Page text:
By Gail Oberst
For Oregon Beer Growler
During the European wars and famines that marked the mid-1800s and early 1900s, Germans came to Oregon in droves — seeking farmland and rural life that mimicked their once-healthy homes. With them came beer recipes — most of which contained varying amounts of wheat. Witbiers, weissbiers, weizenbocks and hefeweizens were, and are still, a German mainstay.
In 1914, Prohibition in Oregon put a stop to that until the 18th Amendment was repealed in 1933. Unfortunately, Prohibition knocked the ale sense out of an entire generation of beer drinkers, a bleakness that continued for almost a half-century beyond the repeal. The craft beer revival here began in the mid-1980s, closely followed by a revival in wheat beers, thanks to Widmer. The brothers found a welcoming trade in their Hefeweizen, a flocculent golden brew that has pleased ancestral palates for centuries. Other breweries followed. Today, wheat beers are as common in Oregon breweries as daffodils in the spring.
Hefeweizen is literally translated as “yeast wheat” beer. Beyond those two ingredients, brewers in Oregon are likely to use the mild flavors of wheat as a stage on which to exhibit too many other delicious additions: Lemons, oranges, grapefruit and other fruits; rye, barley and pilsner malts, roasted grains, honey — the list goes on.
Our tasters gave a thumbs up to seven Oregon wheat beers during our monthly tasting. As it is each month, the Perfect Pints tasting is blind. Here are their choices:
Full Sail: Session Wheat, Hood River 5.7% ABV, 24 IBUs
Brewery Description: This premium, American-style hefeweizen is medium-bodied with aromas of malted wheat and a citrusy hop finish. As with all great hefeweizens, there’s just enough residual yeast to give it a hazy, golden pour.
Consumer Comments: This beer was put together well. This might make a good radler beer. A nice hop aftertaste. Light. I could drink a lot of these. Like having sex in a canoe. Lawnmower beer. I smell fresh grass! Crisp!
Fat Head’s: Grapefruit Goggle Fogger, Portland 5.4% ABV, 12 IBUs
Brewery Description: This hefeweizen has light aromas of wheat, bubblegum, clove and spice. Infused with fresh grapefruit zest.
Consumer Comments: Refreshing, especially on a warm day. Very tasty. Butterscotch! Great for summer! Eat it with fresh or dried fruit. Yummy and light. Bring on those hot days — this is the beer for it.
13 Virtues: Woozy Weizenbock, Portland 8% ABV, 25 IBUs
Brewery Description: This German-style wheat beer is the darkest and strongest in the “hefe” family. Half wheat and half specialty malts are fermented with classic hefeweizen yeast to produce chocolate and banana flavors. A Great American Beer Festival medal winner!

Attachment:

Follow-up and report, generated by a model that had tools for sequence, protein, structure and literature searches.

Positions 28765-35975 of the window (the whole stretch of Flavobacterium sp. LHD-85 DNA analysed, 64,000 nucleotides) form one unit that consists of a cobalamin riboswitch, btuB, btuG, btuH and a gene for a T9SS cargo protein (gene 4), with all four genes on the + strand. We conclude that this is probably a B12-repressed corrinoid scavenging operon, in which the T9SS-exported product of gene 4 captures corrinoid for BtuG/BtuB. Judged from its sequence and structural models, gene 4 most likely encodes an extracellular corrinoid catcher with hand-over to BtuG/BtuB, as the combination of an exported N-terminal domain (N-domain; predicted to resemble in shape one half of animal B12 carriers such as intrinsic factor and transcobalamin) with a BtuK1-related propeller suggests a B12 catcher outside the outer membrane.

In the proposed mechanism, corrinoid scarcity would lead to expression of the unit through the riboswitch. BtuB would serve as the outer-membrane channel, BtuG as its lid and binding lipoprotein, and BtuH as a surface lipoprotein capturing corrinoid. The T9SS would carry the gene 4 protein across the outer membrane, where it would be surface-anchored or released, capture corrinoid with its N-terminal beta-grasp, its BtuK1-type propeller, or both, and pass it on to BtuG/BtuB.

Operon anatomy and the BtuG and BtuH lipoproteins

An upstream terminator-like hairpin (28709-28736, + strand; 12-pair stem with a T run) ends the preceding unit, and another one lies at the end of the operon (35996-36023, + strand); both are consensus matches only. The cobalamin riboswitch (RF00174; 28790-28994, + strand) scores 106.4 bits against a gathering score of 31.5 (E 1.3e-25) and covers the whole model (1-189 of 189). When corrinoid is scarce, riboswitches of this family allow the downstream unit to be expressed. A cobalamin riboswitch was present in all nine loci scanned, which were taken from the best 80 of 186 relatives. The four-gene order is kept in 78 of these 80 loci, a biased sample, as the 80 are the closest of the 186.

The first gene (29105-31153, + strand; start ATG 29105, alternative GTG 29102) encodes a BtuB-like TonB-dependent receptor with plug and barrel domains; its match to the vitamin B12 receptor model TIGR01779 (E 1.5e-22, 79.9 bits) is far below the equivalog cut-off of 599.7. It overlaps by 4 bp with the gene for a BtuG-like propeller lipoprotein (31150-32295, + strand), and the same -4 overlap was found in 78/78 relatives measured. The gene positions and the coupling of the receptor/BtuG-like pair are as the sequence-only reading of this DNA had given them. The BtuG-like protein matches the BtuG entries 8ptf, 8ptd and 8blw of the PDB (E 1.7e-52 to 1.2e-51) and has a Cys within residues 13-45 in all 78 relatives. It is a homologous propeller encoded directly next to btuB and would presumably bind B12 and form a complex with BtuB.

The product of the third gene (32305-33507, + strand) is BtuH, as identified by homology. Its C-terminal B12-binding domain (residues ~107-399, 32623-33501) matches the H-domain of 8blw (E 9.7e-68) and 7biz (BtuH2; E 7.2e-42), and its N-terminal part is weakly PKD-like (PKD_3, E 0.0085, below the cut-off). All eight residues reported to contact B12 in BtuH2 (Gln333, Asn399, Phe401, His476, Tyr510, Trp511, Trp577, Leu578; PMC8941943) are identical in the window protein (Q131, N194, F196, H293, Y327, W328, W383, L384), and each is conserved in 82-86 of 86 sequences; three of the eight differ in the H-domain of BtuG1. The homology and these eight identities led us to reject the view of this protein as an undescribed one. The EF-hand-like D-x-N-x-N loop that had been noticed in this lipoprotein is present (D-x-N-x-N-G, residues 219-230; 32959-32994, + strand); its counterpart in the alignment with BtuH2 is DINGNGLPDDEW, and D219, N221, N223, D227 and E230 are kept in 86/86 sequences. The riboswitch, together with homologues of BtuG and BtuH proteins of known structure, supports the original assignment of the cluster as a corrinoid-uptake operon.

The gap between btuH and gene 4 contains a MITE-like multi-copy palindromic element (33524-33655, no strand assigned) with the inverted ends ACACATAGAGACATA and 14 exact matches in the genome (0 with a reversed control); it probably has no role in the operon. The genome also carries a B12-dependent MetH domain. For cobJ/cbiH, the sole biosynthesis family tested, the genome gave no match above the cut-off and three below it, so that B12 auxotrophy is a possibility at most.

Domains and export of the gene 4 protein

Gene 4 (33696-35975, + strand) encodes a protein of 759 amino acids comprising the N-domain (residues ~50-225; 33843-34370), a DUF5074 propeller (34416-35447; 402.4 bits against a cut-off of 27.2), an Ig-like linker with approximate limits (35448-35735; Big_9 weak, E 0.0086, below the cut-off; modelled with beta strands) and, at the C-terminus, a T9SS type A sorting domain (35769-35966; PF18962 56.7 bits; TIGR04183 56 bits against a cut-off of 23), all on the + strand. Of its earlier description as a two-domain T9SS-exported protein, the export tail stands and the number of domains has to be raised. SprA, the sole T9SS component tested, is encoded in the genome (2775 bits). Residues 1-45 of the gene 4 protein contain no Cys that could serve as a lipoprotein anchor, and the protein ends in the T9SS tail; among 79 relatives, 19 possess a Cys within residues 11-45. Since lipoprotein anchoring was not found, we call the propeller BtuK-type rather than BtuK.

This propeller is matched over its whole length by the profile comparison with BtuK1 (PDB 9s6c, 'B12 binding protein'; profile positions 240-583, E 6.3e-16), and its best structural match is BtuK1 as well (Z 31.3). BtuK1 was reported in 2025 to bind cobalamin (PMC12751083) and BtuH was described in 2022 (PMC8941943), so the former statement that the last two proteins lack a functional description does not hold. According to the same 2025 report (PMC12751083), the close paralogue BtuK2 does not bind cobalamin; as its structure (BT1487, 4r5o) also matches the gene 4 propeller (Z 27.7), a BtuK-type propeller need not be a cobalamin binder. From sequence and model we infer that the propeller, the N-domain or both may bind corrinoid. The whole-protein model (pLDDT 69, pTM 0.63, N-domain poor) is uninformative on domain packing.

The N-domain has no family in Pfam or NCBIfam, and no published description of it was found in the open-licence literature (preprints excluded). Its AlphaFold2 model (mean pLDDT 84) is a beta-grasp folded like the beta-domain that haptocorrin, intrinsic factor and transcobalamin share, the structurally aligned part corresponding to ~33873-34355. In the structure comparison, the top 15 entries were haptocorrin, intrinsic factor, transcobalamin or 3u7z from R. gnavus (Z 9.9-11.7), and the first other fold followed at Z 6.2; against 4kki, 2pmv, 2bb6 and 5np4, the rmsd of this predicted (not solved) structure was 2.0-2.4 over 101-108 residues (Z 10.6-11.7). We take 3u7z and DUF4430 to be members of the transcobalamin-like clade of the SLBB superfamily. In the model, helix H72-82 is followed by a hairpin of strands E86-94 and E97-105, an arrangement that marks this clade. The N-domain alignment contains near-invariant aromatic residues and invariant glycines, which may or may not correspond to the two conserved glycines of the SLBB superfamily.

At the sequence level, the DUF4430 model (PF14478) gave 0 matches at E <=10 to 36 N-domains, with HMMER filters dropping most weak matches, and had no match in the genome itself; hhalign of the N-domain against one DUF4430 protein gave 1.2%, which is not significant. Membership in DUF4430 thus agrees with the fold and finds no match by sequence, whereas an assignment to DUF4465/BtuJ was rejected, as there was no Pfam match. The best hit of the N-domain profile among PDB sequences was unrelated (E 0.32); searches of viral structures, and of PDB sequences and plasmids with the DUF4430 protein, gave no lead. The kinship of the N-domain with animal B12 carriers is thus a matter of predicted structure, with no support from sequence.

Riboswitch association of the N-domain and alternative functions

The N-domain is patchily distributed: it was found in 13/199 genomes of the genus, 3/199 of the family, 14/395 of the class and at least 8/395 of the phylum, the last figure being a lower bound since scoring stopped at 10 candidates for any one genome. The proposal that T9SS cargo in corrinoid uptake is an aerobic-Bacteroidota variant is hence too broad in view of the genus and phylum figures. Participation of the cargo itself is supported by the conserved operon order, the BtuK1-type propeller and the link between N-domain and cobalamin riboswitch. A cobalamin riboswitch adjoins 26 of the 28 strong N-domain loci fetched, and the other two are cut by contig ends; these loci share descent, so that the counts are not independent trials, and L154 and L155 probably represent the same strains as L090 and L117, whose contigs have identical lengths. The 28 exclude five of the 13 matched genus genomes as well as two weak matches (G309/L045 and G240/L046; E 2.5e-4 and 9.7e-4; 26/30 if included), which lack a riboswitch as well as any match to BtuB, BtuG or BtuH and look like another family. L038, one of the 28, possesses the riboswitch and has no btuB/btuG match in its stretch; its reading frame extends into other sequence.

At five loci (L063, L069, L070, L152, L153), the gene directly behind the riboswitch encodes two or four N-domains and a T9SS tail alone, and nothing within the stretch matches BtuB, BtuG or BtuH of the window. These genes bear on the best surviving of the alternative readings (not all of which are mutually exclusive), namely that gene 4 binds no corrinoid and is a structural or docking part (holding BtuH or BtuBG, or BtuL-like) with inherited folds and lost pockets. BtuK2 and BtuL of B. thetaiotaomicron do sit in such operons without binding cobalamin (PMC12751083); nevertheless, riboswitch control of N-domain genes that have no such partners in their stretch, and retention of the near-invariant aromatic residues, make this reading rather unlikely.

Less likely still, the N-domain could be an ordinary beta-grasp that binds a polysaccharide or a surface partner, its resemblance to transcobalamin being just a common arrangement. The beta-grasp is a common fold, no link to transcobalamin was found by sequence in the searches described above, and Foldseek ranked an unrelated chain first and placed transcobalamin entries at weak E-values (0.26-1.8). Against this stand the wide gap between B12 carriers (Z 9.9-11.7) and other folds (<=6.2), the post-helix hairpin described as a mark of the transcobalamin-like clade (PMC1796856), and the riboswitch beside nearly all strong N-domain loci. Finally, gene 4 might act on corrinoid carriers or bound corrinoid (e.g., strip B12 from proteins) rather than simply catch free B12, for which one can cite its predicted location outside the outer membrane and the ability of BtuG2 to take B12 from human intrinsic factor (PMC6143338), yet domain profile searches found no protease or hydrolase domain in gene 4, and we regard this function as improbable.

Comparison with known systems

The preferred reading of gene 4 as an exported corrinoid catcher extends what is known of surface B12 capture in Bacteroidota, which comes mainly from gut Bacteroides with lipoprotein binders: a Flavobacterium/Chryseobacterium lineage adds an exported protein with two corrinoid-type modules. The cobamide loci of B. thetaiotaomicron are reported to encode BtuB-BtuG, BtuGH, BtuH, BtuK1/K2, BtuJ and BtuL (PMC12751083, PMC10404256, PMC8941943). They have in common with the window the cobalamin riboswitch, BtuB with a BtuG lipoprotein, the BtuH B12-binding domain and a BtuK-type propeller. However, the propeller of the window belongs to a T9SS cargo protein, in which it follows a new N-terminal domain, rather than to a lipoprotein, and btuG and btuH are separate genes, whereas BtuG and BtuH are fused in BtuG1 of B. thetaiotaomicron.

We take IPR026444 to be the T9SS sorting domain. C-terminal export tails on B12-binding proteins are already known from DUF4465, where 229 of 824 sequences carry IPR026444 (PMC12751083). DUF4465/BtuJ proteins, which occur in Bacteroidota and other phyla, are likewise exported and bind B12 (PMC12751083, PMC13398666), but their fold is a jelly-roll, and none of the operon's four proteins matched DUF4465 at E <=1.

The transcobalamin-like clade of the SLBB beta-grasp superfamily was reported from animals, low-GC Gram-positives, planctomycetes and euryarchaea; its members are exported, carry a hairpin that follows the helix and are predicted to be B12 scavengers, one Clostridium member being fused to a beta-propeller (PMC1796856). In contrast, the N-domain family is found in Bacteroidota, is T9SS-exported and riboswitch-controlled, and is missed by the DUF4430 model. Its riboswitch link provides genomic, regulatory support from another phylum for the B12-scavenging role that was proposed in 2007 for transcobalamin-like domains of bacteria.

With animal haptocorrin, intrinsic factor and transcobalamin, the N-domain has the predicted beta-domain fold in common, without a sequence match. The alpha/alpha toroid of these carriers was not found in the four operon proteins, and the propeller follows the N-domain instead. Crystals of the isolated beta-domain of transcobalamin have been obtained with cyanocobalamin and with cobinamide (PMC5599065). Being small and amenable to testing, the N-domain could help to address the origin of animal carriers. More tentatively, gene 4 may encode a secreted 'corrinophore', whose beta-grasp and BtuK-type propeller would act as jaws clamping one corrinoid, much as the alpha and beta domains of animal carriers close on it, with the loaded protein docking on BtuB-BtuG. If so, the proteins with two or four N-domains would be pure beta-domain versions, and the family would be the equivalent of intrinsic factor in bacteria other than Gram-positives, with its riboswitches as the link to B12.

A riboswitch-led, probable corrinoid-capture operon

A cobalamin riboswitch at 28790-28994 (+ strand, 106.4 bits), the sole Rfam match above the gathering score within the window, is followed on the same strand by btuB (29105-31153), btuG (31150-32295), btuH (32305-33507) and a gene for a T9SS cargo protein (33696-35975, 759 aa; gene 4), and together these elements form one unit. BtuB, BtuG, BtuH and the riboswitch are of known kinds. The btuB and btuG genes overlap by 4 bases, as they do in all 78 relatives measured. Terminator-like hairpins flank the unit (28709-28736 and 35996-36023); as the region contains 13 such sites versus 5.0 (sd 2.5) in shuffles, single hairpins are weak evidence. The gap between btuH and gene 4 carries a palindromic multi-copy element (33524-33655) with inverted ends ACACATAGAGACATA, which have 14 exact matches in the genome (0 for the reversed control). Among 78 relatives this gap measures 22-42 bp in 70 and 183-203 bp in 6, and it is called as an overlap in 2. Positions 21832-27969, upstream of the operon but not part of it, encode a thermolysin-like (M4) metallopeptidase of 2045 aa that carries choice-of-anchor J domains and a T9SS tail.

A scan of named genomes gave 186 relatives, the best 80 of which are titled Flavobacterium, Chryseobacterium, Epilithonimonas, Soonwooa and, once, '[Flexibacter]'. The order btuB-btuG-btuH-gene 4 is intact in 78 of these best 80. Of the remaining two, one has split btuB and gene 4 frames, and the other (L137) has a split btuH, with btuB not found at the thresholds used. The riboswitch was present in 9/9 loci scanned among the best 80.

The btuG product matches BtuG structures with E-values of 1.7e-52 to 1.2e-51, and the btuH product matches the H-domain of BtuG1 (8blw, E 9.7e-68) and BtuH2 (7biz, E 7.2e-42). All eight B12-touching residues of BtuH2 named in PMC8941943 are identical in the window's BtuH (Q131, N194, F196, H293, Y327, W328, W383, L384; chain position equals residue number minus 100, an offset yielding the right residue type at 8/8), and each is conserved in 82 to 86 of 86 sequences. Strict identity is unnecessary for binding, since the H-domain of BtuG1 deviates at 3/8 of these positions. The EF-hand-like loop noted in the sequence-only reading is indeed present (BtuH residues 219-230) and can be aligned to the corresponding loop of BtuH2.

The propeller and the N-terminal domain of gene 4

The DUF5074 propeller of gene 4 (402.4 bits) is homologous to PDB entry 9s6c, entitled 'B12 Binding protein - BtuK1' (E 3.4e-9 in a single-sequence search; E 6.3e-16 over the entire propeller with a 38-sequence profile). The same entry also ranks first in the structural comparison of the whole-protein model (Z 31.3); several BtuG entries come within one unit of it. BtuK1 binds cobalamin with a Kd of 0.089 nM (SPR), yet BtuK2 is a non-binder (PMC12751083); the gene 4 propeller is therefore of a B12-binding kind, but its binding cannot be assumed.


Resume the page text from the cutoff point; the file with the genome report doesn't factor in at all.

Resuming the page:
Consumer Comments: Nice caramel color. Malty, but not too heavy. Sweet and different. You wouldn’t guess this is a wheat beer. Nice and crisp — for a darker beer. Not like most darks. A little taste of smoke or roasted grains.
Deschutes: Chainbreaker White IPA, Bend 5.6% ABV, 55 IBUs
Brewery Description: Brewed with wheat and pilsner malts, this white IPA displays beautiful citrus aromas from Cascade and Centennial hops that meld with the esters of Belgian yeast. A thirst-quenching, hopped-up wit that deserves the IPA name.
Consumer Comments: Mild beer with hops. Spicy! Long-lasting hops in a great basic beer. The spice adds great flavor. Peppery! Nice rainbow of flavors, just perfect for St. Patrick’s Day. Traditional weissbier. A golden cloud with hops floating on it.
Golden Valley: Third Street Wheat, McMinnville 5.1% ABV, 18 IBUs
Brewery Description: This American-style wheat ale contains more than 50 percent malted wheat in the mash for a fresh wheat aroma. Crystal and Willamette hops contribute floral and citrus notes.
Consumer Comments: Spicy. Nice. Peppery hops. Maybe good with smoked salmon? Bright, light flavor. Mild. I could drink too many of these.
Hop Haus: Fruit Fly Triple Berry Wheat, Gresham 5% ABV, 28 IBUs
Brewery Description: An amber to red-colored, very refreshing, easy-drinking, slightly malty wheat ale with a smooth and mildly sweet berry finish. The triple berry blend of blueberries, raspberries and blackberries is added at the end of the boil, which provides some pectin haze. Willamette hops are added to complement the wheat.
Consumer Comments: Great color and nice body. Summer pickings. Nice and sweet wheat. Very nice blend, perfectly rich. Hop berries! Hoppy sweet — eat it with a bowl of fresh raspberries … if you can wait that long! Tastes good with raisins and spicy sausage.
Hopworks: Nonstop Hef Hop, Portland 3.9% ABV, 20 IBUs
Brewery Description: This new, year-round beer is a low-alcohol, dry-hopped American wheat beer created for drinkers with active lifestyles. The beer has the taste and feel of a Northwest pale ale without the extra weight of high alcohol. Contains Northwest hops and red spring wheat grown on the Hopworks estate on the San Juan Islands, Wash.
Consumer Comments: Nice citrus flavor. Nice and bright, gentle hoppy flavor. Floral? This is growing on me — I think I’ll have another. Easy drinking. Fruity hops. Pretty beer! Refreshing. Take a run, take a hike, sweat a bit, then kick a couple back … heaven.
NEXT FREE TASTING: Oregon Beer Growler’s Fruit Beer Tasting, 2 p.m. Saturday, April 9 at F.H. Steinbart Co., 234 SE 12th Ave., Portland
Oregon Beer Growler each month invites consumers to “blind” taste a different style or group of beers at various locations across the state.